Conserving water and following tough restrictions is part of life for people in many North Texas cities. Now, to help eliminate detrimental excesses and reward customers, one city had announced a Watering Restriction Holiday.
North Texas cities are trying to figure out how to deal with a costly side effect of the drought. Some are losing millions of dollars because of water restrictions.
In the middle of extreme drought, fresh water is pouring into Richland Chambers reservoir near Corsicana. It’s more than 60-million gallons per day, enough to supply more than 350,000 people in North Texas.
The largest regional water conference in the country is beginning on Monday in Dallas. The city is hosting Texas Water 2014, and the key talks are all about the state’s drought.
A six-month-old cheetah cub has died at the Dallas Zoo. Zoo officials have confirmed that the cub named Kamau (ka-MOWH) died from a severe respiratory illness Tuesday evening.
Two adorable cheetah cubs are now calling North Texas their new home. The Dallas Zoo has welcomed Winspear and Kamau to their Animal Adventures outreach program.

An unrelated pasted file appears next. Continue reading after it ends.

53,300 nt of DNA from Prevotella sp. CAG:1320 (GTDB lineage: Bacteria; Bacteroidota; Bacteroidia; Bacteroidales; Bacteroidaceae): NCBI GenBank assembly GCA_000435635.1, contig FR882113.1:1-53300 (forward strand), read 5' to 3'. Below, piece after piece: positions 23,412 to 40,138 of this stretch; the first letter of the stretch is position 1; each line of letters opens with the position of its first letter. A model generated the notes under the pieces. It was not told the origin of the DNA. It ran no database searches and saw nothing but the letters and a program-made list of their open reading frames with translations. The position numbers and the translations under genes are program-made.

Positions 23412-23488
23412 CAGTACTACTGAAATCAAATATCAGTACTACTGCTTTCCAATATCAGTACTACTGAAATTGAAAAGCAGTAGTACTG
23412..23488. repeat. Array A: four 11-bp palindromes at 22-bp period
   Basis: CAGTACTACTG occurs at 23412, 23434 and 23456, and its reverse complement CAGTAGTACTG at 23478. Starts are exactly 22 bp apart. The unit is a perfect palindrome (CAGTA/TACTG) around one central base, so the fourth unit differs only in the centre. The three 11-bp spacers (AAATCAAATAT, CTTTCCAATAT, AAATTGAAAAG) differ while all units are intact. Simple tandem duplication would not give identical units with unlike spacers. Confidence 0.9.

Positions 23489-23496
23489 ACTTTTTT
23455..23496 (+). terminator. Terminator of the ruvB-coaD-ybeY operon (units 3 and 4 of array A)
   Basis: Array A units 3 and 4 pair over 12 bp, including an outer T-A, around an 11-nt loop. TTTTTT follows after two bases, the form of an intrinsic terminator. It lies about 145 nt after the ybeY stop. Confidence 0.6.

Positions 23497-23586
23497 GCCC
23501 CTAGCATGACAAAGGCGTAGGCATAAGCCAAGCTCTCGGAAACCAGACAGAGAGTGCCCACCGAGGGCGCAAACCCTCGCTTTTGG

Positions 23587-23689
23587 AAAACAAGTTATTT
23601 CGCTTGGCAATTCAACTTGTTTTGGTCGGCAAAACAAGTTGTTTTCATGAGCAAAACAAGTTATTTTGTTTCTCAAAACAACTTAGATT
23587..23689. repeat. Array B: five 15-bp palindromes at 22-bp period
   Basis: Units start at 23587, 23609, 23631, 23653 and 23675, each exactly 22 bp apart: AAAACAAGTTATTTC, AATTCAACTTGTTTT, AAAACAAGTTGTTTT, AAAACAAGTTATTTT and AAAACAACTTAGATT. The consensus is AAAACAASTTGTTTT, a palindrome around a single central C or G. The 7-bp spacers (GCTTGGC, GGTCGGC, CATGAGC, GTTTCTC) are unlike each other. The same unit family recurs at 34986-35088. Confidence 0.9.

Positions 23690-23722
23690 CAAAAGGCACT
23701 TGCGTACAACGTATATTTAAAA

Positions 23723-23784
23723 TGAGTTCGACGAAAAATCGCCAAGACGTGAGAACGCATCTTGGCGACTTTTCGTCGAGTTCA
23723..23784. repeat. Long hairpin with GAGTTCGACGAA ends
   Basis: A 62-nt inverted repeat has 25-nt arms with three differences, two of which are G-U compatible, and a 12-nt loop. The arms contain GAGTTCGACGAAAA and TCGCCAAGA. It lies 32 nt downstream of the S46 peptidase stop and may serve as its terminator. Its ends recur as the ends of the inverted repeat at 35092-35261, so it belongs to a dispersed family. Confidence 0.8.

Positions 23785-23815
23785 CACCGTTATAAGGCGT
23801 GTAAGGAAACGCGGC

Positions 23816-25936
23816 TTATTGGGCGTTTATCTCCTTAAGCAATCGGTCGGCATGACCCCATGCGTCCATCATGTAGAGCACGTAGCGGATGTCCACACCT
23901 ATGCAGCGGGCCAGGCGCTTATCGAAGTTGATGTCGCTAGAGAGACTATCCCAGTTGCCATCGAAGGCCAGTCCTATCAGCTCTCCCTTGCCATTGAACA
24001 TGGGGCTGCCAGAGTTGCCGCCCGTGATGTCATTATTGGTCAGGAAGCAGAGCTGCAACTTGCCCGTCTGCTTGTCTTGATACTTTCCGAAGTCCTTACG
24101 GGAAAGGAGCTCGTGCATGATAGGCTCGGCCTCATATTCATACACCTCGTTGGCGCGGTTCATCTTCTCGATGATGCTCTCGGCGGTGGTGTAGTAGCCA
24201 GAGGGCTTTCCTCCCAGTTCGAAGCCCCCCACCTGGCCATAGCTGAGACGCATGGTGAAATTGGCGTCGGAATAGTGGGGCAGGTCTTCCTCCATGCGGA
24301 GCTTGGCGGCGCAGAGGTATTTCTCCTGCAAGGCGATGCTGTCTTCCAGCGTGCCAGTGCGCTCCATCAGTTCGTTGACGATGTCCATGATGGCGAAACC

Ready to do your share in saving mother earth? Take part in these DFW Earth Day Celebrations and start off spring by going green.
There are some words of concern from officials at ERCOT. While the state has adequate resources to survive a cold winter and a hot spring, the long-term outlook is a bit different.
“It kind of seems like a waste of water with the water restrictions. It doesn’t make any sense,” said Carol Birkett, a Collin County resident.
The electric grid operator is asking businesses and residential consumers to conserve energy.
The manager of the Texas electrical grid is appealing for users to cut back on their electricity usage for the rest of the afternoon.
The Public Utility Commission puts the state on yellow alert for power usage, urging conservation during the peak usage hours,